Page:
Michigan Ordination Laws

Michigan Ordination Laws for Marriages

Marriages may be performed by:

  1. Federal, probate, district, and municipal judges
  2. District court magistrates, in their court area
  3. Mayors, in their city 
  4. County clerks
  5. Ministers and pastors of the gospel, both resident and non-resident
  6. The Michigan Statutes also have a provision that allows for marriages to "be solemnized in the manner heretofore used and practiced in their respective societies or denominations."
A person is required to show proof of ordination by a religious organization to be considered a minister in the state of Michigan. This requirement can be met by providing documentation from a religious denomination. Although most ministers complete years of training and schooling to become ordained, Michigan also accepts online certification.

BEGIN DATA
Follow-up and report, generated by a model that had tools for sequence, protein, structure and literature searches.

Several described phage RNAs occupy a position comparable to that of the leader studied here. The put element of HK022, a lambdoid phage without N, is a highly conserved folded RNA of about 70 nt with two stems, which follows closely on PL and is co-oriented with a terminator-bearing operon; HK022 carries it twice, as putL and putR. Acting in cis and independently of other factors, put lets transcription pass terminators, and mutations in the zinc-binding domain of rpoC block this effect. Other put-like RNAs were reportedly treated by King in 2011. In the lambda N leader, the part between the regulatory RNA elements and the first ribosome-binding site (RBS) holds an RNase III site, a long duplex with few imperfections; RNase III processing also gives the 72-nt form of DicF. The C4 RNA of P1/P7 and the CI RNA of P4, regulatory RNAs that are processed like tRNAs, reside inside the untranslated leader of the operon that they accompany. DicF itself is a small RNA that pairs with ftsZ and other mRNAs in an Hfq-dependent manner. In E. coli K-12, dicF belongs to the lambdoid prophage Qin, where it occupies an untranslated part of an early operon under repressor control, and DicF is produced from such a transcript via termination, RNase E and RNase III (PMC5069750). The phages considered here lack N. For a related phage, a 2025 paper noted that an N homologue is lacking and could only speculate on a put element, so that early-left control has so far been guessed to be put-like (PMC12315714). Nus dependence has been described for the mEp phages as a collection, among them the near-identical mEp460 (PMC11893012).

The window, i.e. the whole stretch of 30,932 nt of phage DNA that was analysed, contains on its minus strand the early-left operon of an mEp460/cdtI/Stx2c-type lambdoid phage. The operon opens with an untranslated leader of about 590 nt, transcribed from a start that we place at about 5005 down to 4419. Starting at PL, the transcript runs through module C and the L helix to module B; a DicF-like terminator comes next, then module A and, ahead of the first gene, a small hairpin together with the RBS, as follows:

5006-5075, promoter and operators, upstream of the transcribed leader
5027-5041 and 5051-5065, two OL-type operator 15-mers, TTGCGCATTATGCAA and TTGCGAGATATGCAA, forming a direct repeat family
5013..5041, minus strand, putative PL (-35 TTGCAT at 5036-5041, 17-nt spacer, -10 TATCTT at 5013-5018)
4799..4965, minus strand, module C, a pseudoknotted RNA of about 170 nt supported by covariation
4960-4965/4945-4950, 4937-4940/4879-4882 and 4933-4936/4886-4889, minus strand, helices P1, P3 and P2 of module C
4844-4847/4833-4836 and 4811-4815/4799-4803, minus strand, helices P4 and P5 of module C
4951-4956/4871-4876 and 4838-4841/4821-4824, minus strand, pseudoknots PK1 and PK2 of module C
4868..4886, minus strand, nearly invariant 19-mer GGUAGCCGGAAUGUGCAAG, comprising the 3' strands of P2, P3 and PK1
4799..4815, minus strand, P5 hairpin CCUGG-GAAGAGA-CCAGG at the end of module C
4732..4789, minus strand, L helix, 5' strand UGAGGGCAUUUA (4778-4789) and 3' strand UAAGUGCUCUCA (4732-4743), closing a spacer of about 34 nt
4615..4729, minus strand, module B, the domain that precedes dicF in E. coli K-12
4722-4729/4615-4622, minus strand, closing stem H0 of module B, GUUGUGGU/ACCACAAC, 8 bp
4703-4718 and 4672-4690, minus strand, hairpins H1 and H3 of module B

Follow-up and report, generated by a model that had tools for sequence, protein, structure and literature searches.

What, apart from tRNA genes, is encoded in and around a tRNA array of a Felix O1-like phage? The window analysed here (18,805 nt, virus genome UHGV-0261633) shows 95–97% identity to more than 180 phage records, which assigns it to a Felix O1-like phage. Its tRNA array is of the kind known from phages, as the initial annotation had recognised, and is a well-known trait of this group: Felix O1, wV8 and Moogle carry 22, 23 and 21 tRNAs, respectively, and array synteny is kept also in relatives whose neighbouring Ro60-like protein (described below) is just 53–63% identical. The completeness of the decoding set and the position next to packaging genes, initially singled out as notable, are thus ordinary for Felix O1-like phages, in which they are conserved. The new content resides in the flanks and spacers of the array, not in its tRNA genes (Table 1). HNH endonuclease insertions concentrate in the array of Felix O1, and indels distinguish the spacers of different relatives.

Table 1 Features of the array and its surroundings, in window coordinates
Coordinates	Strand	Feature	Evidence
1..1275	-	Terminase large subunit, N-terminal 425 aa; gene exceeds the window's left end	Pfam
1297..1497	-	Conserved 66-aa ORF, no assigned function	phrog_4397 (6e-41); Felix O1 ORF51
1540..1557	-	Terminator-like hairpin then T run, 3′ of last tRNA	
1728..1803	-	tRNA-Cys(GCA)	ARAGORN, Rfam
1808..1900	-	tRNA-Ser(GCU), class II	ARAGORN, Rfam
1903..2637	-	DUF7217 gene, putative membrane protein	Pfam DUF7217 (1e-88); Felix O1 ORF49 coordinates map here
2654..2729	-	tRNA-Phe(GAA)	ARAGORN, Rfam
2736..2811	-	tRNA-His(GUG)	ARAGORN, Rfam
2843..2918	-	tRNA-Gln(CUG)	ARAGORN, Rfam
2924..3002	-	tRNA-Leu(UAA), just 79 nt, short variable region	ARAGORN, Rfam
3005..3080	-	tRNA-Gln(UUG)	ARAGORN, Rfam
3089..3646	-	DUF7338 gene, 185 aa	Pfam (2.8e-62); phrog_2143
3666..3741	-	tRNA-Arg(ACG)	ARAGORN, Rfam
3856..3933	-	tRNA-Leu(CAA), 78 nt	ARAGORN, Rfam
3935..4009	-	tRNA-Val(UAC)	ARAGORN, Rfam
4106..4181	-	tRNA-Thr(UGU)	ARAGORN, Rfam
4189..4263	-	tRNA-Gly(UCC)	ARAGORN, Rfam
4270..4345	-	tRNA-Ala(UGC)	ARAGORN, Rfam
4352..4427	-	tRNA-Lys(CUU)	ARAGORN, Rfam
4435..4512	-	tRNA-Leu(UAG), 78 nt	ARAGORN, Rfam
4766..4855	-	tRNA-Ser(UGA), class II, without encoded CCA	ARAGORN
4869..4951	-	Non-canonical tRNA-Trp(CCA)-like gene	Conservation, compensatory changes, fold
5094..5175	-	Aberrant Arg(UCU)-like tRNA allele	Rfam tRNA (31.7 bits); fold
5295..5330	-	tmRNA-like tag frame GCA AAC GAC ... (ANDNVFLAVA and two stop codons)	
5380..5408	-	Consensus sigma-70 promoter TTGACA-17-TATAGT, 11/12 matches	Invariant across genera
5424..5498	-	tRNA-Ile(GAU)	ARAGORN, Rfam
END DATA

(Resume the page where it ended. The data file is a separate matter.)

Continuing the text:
Most ministers complete years of education and training in college or seminary to receive ordination from a religious denomination. Michigan will also accept proof of ordination from online, non-denomination organizations. Once a person is authorized by the state to act as a minister, he can perform the tasks of a priest, rabbi, pastor or bishop. These tasks include overseeing a church or performing a licensed marriage.

Experience is required by most religious denominations before a person is ordained. This typically includes becoming an associate pastor in the denomination and learning under the guidance of an experienced minister. In Michigan, the state has no experience requirement.

Filing Requirements
Michigan has a procedure in which ordination paperwork is filed with the state licensing agency. However, filing ordination documentation is not a requirement, as long as a minister can provide a copy upon request. Ordination documentation is required when verifying a marriage license, to ensure the ceremony was performed by an ordained minister.

Request for ordination papers
To perform a marriage in Michigan you need to be ordained and may be required to provide proof of ordination such as an ordination credential, wallet credential, or a letter of good standing from the church on the church letterhead.